You’re probably wondering how I got the ball rolling, and the answer is simple yet complicated. I realized that I needed to go out and meet people who had the careers that I coveted, the ones who worked at the places that seemed progressive and upbeat. I went online and researched The Best Places to Work in Los Angeles and saw that they all had the common thread of taking care of their employees, helping them grow within their careers, giving them several options in their career paths. These were the types of places that I wanted to work at. I may not have interviewed at all of these companies, but I indeed asked about work-life balance, career growth potential during my job interviews with other potential employers.

I also learned to use LinkedIn. I practically cut and pasted my resume to my profile, described what I was looking for, and spent hours searching for jobs, finding people who worked at the companies that I applied to, sending them requests to connect, and messaging them to see if they would be able to pass along my information because I was interested in working at their companies. I received several responses, but I had to cast a wide net.

Another critical factor is to align yourself with people who have something that you want. In my last role, I admired my managers coaching style. I thought that she was a great listener, and she was also good at planning out the future of the company in terms of its human capital. I wanted to get into this type of role as my career progressed so I observed her actions, took mental notes, asked lots of questions and tried to figure out if that was a path that I wanted to go down. Ultimately, I decided to zero in on my recruiting skills, but I learned a lot from her in regards to figuring out how I wanted to be perceived in the workplace (as a confidant and listener) and how I could help others reach their goals in the workplace. A right way for you to get started is to attend networking groups, affinity groups, or meetups. Google is your best friend when it comes to this. If you are interested in working for a woman-owned non-profit, do a quick search on the many networking events in the area that are geared to non -profits, look up the various companies in the area, find people who work at these companies either through the company website or through LinkedIn, and don’t be afraid to contact them to pick their brain. It may take a bit of work, but I have realized that most people are willing to help others in the right situation!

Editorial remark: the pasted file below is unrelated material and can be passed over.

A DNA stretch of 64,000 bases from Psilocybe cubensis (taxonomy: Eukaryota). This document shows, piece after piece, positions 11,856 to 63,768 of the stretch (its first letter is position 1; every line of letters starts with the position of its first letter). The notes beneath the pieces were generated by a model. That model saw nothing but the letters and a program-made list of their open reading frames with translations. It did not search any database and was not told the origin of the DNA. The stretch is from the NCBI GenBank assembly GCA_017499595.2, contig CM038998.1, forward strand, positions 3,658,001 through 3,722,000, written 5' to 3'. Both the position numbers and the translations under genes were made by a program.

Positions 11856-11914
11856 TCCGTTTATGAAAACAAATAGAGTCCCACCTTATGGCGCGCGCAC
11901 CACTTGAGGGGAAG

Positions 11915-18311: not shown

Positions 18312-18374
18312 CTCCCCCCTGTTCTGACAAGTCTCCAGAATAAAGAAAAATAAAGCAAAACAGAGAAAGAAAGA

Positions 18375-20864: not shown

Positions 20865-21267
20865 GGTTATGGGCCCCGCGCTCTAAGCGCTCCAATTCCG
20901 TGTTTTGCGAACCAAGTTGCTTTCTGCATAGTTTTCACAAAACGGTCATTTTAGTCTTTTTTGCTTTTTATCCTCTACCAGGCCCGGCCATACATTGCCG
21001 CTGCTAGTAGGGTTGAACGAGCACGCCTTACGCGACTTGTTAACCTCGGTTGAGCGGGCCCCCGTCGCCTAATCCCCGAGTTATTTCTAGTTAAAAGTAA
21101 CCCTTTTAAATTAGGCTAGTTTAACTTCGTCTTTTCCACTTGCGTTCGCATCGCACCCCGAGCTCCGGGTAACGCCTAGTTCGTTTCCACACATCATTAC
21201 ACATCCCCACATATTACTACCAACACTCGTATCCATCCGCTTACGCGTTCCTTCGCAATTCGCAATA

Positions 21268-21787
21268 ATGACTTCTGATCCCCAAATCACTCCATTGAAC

Lastly, let it be known that you are looking to carve out your career path! Tell your friends, classmates, family members, and even some colleagues. Once you put the word out, you’ll notice that word spreads, and in this case, that is a good thing! Most jobs are gotten via referral, so you may find out that you know someone who knows someone who has a job opening at their company that is an excellent fit for what you’re looking for. Anytime someone has told me that they are looking for a job, I ask them to let me know where they’ve applied because it is a small world and I may happen to know someone who can help them get their foot in the door!

When you’re in the process of trying to figure things out, you have to remember to be innovative. Your career path isn’t always a straight line from A to Z. You’re most likely going to deal with a few twists and turns, but that’s what keeps you learning and keeps things interesting!